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generally are or broadly defined as drug-related crimes, i think that we are going to cause problems. i think that we have caused problems to the extent that we have done that. i visited a place recently in salt lake city called the other side academy. it's modelled after a recovery home called delancey street that started out in san francisco and branched out and opened up another location in los angeles. they have had tremendous success with taking people who have served time, who have had problems with the law, and often pr problems with substances, and they work together and hold each other accountable and keep each other clean and off of the streets and focused on gaining job skills and on becoming contributing members of the community once again.
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they've had tremendous success. they've been in operation now -- they're in their third year in salt lake city. and so far they have had a 100% success rate. this is not a government operation. but in some instances, it's been used as an alternative to incarceration. there are some judges who have allowed people to go through this program rather than going and being incarcerated for a period of time. i think we need to look more at solutions like that if we really want to solve this problem. this is best understood as a human problem. and we have to examine not just the financial costs of lengthy mass incarceration, but also the human costs. the problems arise when somebody's son or daughter or mother or sister or aunt or uncle is put away behind bars not just for years, but for decades at a time. there is a significant human cost attached to that. and i think we're reaping some of that. and that's why we need to look to other tools. >> in a moment i'm going turn to the audience for a question. and first i wanted to ask about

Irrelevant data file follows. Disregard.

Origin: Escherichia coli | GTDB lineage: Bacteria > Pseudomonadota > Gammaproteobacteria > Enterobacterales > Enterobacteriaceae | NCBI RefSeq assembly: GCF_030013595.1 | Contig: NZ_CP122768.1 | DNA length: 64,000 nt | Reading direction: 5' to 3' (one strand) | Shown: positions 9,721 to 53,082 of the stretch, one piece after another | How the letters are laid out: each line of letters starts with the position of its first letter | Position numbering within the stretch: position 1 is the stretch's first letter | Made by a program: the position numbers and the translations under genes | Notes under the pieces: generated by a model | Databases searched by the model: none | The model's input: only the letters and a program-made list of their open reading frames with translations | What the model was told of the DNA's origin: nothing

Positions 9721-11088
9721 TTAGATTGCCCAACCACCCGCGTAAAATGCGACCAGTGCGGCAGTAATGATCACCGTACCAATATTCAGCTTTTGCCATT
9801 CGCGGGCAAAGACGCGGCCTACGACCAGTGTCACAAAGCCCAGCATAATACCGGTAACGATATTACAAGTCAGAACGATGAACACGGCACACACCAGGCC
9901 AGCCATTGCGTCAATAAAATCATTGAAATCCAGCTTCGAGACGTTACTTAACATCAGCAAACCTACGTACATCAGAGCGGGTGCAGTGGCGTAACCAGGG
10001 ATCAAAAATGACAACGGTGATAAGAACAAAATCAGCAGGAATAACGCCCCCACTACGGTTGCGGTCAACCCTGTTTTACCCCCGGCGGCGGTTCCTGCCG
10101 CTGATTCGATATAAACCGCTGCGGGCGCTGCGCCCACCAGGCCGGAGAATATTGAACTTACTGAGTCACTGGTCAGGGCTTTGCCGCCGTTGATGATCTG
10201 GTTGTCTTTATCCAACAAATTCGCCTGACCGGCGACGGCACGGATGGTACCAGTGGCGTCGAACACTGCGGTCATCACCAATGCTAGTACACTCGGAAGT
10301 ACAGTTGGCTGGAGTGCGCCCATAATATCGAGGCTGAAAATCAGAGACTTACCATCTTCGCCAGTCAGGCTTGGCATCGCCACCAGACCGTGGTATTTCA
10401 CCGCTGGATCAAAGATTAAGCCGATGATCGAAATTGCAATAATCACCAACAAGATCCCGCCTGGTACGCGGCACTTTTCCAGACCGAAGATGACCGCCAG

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separate but related matter. i would be remiss given our moment and that we are still in the aftermath of the tragic shooting last week in parkland, florida, at marjory stoneman douglas school in florida, there is one path has been endorsed by the nra to fix an act that is intended essentially to strengthen some of the incentives around reporting gun purchases to the federal government. and it has a fair amount given that it is endorsed by the nra. it has a fair amount of support from across the aisle, as it were. but you don't support this measure. and tell me a little bit about your objection to it. >> i'm trying to reform it. i'm trying to fix it. i'm trying to fix. there is a fairly simple fix that i have drafted there are some others available out there. let me explain briefly what this does. the nics system is a system that
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alerts when someone is buying a gun that shouldn't be trying to buy a gun because they fit under one of the nine categories that are identified in usg-3, people who have been convicted of a felony or a misdemeanor crime or domestic violence are, dishonorably discharged from the military or one of the other nine categories. among those nine categories is some language put in there i believe by mistake by congress. someone who has been adjudicated a mental defective. the problem with that is it's not a thing. no one really knows what that is. and the concern there is that you could have among other people veterans who are returning with ptsd, somebody in the veterans affairs administration has identified them as having ptsd and given them assistance managing their affairs in order to help them with that. they could be deemed by a combination of action by the